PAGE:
There's quite a lot of content in this PDF, and all of it is solidly flavorful. Some of these classes lean a little towards just one trick (something that is explicitly called out and discussed, actually), but overall they look like they could be pretty fun to play. I'm happy to give this product a full score.

An Endzeitgeist.com review


The first Uncommon Calling book clocks in at 23 pages, 1 page front cover, 1 page editorial, 1page SRD, leaving us with 20 pages of content, so let's take a look!

We begin this collection of archetypes with the wild shot brawler, whose unarmed strike damage does not increase beyond 4th level; instead, he begins play with training in either a hand crossbow or a one-handed firearm, The former nets +1 to attack rolls with the weapon, the latter Gunsmithing as well as a battered pistol as the gunslinger - both obviously also net the respective proficiencies. This replaces shield proficiency. If hand crossbows are chosen, 1st level lets the wild shot pay 1 martial flexibility as a free action to resolve all hand crossbow attack against targets within 30 ft as touch attacks. At 4th level, the archetype may expend one use of martial flexibility to halve the Stealth penalty on sniping for one round. If one-handed firearms are chosen instead, he gains quick clear powered by either 1 daily use of martial flexibility (standard action) or 2 (move action). 4th level provides a martial flexibility-powered utility shot. Regardless of the choice made, 10th level allows for the expenditure of 1 daily use of martial flexibility to perform a ranged dirty trick or disarms maneuver or gain Improved Precise Shot for 1 minute, though it counts towards the maximum amount of feats you can gain through martial flexibility.

At 2nd level, the archetype receives desperado's flurry, which allows for the use of the respective firearm in conjunction with brawler's flurry, provided the target's within 30 ft - and reloading is still a thing, which means that Rapid Reload or a similar ability is pretty much a must. Also at this level, the wild shot no longer provokes AoOs for attacks with said firearms from foes if she also threatens them with a melee weapon and starting at 5th level, reloading doesn't provoke AoOs anymore. Nice: The archetype may reload sans a free hand, provided she is holding a monk or close fighter weapon group type of weapon. At 15th level, aforementioned flurry's range restriction may be ignored when spending one daily use of martial flexibility. The archetype pay for all of this with two bonus feats as well as martial training and knockout.

3rd level nets +1 to damage with the chosen weapon type, which is doubled within 30 ft. The bonus increases by +1 at 7th level and every 4 levels thereafter. At 4th level, weapon mastery is replaced with Opening Volley, but in addition to the feat's regular benefits, when a melee attack benefits from it, the wild shot adds x 1.5 Str-mod to damage, provided it was made with a close or monk weapon. Nice: If you already have the feat, you get to choose an alternative. This replaces weapon mastery. The archetype comes with a unique favored class option that increases critical confirmation rolls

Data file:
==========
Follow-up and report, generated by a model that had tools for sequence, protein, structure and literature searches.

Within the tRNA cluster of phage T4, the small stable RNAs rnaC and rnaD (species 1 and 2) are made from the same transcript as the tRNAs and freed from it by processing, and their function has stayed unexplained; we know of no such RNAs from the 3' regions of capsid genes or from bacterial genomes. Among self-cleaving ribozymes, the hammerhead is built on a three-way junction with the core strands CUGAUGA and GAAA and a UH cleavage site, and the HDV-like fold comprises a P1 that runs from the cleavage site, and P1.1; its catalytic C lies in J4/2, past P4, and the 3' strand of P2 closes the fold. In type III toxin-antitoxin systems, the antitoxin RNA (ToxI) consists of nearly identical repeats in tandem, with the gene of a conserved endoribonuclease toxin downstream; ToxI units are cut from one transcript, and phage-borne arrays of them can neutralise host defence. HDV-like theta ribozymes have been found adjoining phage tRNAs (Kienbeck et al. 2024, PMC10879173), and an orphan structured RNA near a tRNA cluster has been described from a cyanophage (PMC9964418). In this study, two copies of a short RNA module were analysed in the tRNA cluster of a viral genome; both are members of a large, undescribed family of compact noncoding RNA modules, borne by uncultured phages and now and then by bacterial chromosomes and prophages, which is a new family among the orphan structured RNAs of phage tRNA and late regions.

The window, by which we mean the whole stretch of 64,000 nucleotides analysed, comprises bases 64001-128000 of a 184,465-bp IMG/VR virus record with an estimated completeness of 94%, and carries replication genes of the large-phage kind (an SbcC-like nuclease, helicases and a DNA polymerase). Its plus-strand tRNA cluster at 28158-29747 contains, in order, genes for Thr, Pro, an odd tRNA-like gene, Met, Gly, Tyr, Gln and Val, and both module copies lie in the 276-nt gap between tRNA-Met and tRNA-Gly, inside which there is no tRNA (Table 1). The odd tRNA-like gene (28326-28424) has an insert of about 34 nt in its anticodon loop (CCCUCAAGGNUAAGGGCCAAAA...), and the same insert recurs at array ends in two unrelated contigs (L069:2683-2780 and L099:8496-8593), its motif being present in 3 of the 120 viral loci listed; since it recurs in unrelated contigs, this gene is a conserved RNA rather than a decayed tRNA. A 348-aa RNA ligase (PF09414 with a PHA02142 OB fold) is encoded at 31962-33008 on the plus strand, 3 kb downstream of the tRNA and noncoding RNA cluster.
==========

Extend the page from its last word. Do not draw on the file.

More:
Next up would be the cavalier order of the veil, who may never voluntarily divulge the identity of his masters and basically is a shadowy info-broker. The challenge ability provides a +1 morale bonus to damage versus the target, increasing by +1 per 4 class levels attained. The damage is doubled versus flat-footed opponents and those denied their Dex to AC. Skill-wise, they gain linguistics and Stealth as class skills and add 1/2 class level to Bluff checks to pass hidden messages and Linguistics. 2nd level's ability provides a +2 bonus to saves vs. mind-reading and to feint checks, which increases by +1 at 6th level and every 4 levels after that. Additionally, the cavalier is treated as having Int 13 and Combat Expertise for the purpose of qualifying for Improved Feint and TWF and all feats based on those two, which is nice. 8th level allows the cavalier to produce a hypnotizing stare as a full-round action, focused on a creature within 30 ft. The target forgets most details about the cavalier on a failed Will-save. Cool: If the cavalier does this multiple times, the DC gets higher and the ability knows degrees of failure: The more significant the failure, the more pieces of misinformation the cavalier may plant. The ability can be used 2 + Cha-mod times per day, minimum 1. 15th level provides a constant mind blank that he can suppress or resume as a standard action. The order also gets a nice FCO. All in all damn cool order. I'd play that!

Next up would be the Lurking Predator hunter, who gains proficiency with bolas, brutal bolas, boomerangs, harpoons and nets and does not gain any spellcasting, caster level or ability to use spell trigger/completion items. Instead, he begins play with a pool of ferocity equal to his Wisdom modifier, minimum 1. When the lurking predator or his animal companion reduce a creature to 0 or fewer hit points in combat, he regains 1 point of ferocity. And yes, before you ask: Kitten-proof. Nice! The lurking predator's animal companion has as much ferocity as the lurking predator and access to all deeds - basically, the two share a ferocity pool. At 1st level, the lurking predator may expend ferocity to get move, standard and swift action in a surprise round (or a full-round action) and also spend a swift action in a surprise round for + class level weapon damage.